There’s a time and place for creating a microsite, vs. further building out your main website. If your microsite is likely to gain significantly more traction and interest with the “linkerati” — bloggers journalists, and webmasters who command a lot of PageRank or link authority — by being at arm’s length from your main site, by all means do it.
Consider the hypothetical example of an insurance company launching a blog about staying fit and healthy. If the firm were to incorporate this blog into its own domain name (such as blog.metlife.com or metlife.com/blog), it would be construed as a shill for the company.
But if it were a completely separate site hosted on a unique domain, it would be more trusted by the blogger community. Also bear in mind that bloggers link to other bloggers, not so much to faceless corporate websites and online storefronts.
A microsite may have the added benefit of bypassing some of the legal and PR department hurdles and internal political battles. This could be a key consideration if you’re part of a big monolithic corporation.
But you have to understand that with a microsite, you’re giving up something. Content that is integrated into your main site will get to “ride on the coattails” of the trust, authority, age, history, etc. that your site has established over the years. Whereas a microsite on a brand new domain may wallow in Google’s “sandbox” for a number of months.
One of my favorite microsite success stories is Blendtec’s Willitblend.com. I went into some detail about this company’s YouTube marketing campaign in my June article “Optimizing your videos for YouTube.” But in short, the microsite contains a plethora of entertaining videos showing Blendtec founder Tom Dickson blending all sorts of seemingly non-blendable objects in a Blendtec home blender, including marbles, rake handles, golf clubs and iPads. By offering a one-stop-shop for all the videos on one distinct website, Blendtec provided journalists and bloggers with an ideal location to link to (rather than a series of YouTube URLs).
One key point from the aforementioned article is that links from YouTube to your site don’t pass PageRank. So it’s nowhere near as desirable when folks link to your YouTube videos or YouTube channel as when they link to your microsite.
What’s more, journalists and bloggers would have been less inclined to link to a Blendtec.com URL due to it being too closely associated with a commercial website. So, Blendtec made the right call in splitting out this “Will It Blend” content into a separate microsite.
Make it linkworthy
Highly linkworthy content — such as on WillItBlend.com — is known in the SEO community as “link bait.” Link baiting and microsites go hand-in-hand. If you’re going to build a microsite, it had better be linkworthy.
The fun and mildly insightful “Which Superhero Are You?” personality test wasn’t done simply as a blog post. It was set apart and made special by being hosted on its own microsite: Thesuperheroquiz.com. This helped the quiz (created by two guys — not a major brand) get coverage and links by such PageRank powerhouses as TechCrunch.com.
Further, the site generated a badge for the quiz taker to place on his or her own blog or site to proudly display which superhero he or she is. And of course the badge linked to the company’s microsite, further boosting the site’s link authority.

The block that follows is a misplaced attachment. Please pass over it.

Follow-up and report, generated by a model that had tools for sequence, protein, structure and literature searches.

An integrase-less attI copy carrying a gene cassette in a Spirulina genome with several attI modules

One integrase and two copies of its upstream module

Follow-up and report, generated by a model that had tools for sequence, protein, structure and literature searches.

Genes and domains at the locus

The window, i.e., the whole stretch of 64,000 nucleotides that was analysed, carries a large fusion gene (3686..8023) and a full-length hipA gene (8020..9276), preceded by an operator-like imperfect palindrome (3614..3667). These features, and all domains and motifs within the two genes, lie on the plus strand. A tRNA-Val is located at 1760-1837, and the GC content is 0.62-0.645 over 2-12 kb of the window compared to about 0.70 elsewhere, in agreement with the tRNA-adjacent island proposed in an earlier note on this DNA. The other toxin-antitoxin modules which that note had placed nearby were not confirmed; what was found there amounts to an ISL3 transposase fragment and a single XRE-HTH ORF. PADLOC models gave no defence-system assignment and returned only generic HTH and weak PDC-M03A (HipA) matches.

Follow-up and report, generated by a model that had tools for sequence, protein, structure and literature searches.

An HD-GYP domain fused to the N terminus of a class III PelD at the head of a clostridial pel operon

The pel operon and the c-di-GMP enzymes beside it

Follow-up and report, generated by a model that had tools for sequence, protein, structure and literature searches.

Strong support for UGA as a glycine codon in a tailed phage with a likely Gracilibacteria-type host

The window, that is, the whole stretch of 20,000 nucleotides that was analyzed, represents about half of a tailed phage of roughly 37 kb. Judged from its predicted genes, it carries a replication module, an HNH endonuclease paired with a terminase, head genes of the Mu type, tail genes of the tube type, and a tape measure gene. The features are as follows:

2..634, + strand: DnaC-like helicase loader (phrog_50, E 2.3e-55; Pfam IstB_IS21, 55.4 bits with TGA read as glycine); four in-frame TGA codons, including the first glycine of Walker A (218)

I described “link baiting” in my March article “How to build links outside the box.” I cited some examples of past successful link bait campaigns, including:
One cardinal SEO sin is retiring a microsite and not 301 redirecting all your hard-earned PageRank to anywhere useful. That’s exactly what happened with the first three aforementioned examples. The fourth only redirected the home page and not any sub-pages, so that also gets a “fail.” The last example is still live — good for them!
In my view, in all cases the content should have stayed up permanently — even after the campaign finished. That’s because high-quality content continues to accumulate links well after the initial promotional blitz. Once you remove that content from the web you kill the opportunity to continue accruing link authority.
Typically, microsites have so few pages that it’s an SEO nightmare. If each page should have a maximum of only three keyword themes, that doesn’t provide for many keyword ranking opportunities. It’s like the antithesis of “long tail SEO.”
A search engine optimal microsite will have at least dozens — hopefully even hundreds — of pages to it.
Setting up your microsite
If you want to launch a microsite, consider buying an aged domain “aftermarket” — hopefully one that has had a site on it for a while. (No, a parking page doesn’t count.) Then change the domain registration information slowly so that the site’s PageRank doesn’t get reset to zero.
Or start the clock running as soon as possible on your new domain by posting at least a few pages to the URL and then getting a few links to it — as far in advance of the official launch as possible.
I’m partial to using WordPress as the content management system for microsites, because of its support for such powerful features as tag clouds, tag pages, RSS feeds, podcasts, pings, comments, trackbacks, etc.
It’s pretty easy to write your own WordPress plugin or widget. Heck, I wrote one, and I’m not a regular programmer. You can pretty easily find a WordPress plugin developer on a website such as elance.com or odesk.com.
If you do go with WordPress, be sure to install my aforementioned plugin, called “SEO Title Tag,” available for free from www.netconcepts.com/seo-title-tag-plugin. It will allow you to craft longer, custom-written title tags that are separate from the “Titles” used in anchor text and H1 tags.
Stephan Spencer is co-author of the O’Reilly book The Art of SEO and founder of Netconcepts (acquired by Covario).